A classical education is possible only if God is immutable and man is not. We, as educators, are dependent upon God to remain the same and to be faithful to His promises for the good of our students. We are dependent on man’s ability to change and grow if we are to see our efforts bear any fruit in the lives of our students.
One day, when my husband got home from work, he joined me at the kitchen window to watch our children. "What are they doing?" he asked.
"Digging, of course.”
While searching for a new house, my children had had one request: a place to dig.
“What do they want with a hole? When will they know to stop?”
I looked at him and shrugged, unknowing.
It has been said, mostly in old westerns, “don’t change horses in the middle of the stream.” However, that does not rule out going all the way across and deciding you’re riding the wrong horse, or that you crossed the wrong river, or that you’re going in the wrong direction, or that something screwy is going on. Anyway, I have such a story to tell.
How do words work? It depends on who you ask. Socrates felt words were not worth studying, that only things themselves are. Words, he thought, are much like an artist’s imitation—they are a likeness but not the true thing. His explanation seems to imply some sort of lack or falsity.
I am going to make one of those statements that my wife, Laura, often appreciates with a roll of the eyes: as much as it may ruin the song, it is empathy, not love, that makes the world go 'round.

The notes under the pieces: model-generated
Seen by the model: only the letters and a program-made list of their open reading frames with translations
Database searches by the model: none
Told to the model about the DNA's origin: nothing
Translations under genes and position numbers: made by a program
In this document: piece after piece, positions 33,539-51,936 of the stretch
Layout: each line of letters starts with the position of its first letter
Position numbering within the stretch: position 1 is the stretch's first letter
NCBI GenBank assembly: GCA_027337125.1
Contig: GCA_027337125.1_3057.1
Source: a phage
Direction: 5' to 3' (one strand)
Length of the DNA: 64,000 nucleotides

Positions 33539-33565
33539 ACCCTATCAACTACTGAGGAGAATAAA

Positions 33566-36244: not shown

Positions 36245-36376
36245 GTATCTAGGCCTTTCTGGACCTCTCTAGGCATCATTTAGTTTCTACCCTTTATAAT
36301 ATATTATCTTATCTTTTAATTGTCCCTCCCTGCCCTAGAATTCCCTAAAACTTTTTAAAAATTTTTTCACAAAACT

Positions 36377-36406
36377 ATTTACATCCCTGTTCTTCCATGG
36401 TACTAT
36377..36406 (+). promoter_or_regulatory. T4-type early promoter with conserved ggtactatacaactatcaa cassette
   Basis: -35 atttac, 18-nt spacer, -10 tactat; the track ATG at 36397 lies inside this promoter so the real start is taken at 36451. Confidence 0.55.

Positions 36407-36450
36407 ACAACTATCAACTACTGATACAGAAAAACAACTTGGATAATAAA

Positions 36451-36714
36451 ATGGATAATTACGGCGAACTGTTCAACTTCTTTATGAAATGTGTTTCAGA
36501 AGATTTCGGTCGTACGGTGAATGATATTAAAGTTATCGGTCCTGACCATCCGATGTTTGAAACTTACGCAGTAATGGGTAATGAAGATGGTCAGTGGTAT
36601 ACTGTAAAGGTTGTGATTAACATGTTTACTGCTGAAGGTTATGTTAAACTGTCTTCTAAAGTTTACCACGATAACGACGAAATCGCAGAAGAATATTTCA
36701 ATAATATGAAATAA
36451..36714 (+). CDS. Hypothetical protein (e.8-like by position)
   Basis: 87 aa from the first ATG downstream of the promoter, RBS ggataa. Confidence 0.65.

Why do I say this? Here comes another one: if God is Love, and we cannot be God in His glorious essence and nature, then the energy of God—His Grace that flows out from our hearts which we can partake in—is empathy. Empathy then is the energy of Love.
My house was an absolute mess. Toys were scattered around the floors, doors to the outside stood open and flies came in to forage, grass and dirt littered the floor, and random cups, plates and shoes were all littered about. It was chaos. For several hours we had enjoyed the fellowship of company, of entertaining and eating, but now the day was drawing to a close and I felt restless. It was time to get things back into their place, to bring some order to the madness. It was time to see my kids bathed and in jammies, tucked away in cozy beds.
Several years ago God, in his infinite wisdom and mercy, saw fit to smite the radio in my car, so I don't listen to the news very much anymore. I do occasionally tune in when driving our other vehicle (which has a working radio), but I find that I've lost the taste for it. I can't stomach it, and usually turn it off after only a short time, because I realize now that 'the news' isn't news at all.
“Oh, it is such a shame they won’t remember it!” my friend said.
My husband and I had just invested a lot of money (money that might have been better used to fix up our house or to replace our 15-year-old van) to take our family of six to Europe for ten days next summer. We will be returning— for the first time as a family—to Skopje, Macedonia, where we lived from 2008-2011, before spending a day in Amsterdam.
“Maybe,” I said, admittedly a little bothered by her comment but aware that I was having similar thoughts.
My three-year-old daughter, Alethea, is plenty old enough to feed herself when we sit down to the table for dinner, but sometimes she doesn't want to. She will leave her food untouched until it is stone-cold because she would rather someone to spoon the food from the plate into her mouth.
The problem with really loving our students is that we really love our students. It’s a vulnerable situation. What if they don’t love us back? And what would be evidence of such love? That they treat us honorably? That they divulge their truest beliefs? That they recognize something in us worthy of imitation? And what if they don’t? Or worse, what if they do and then they devastate us with the ultimate failure of judgment?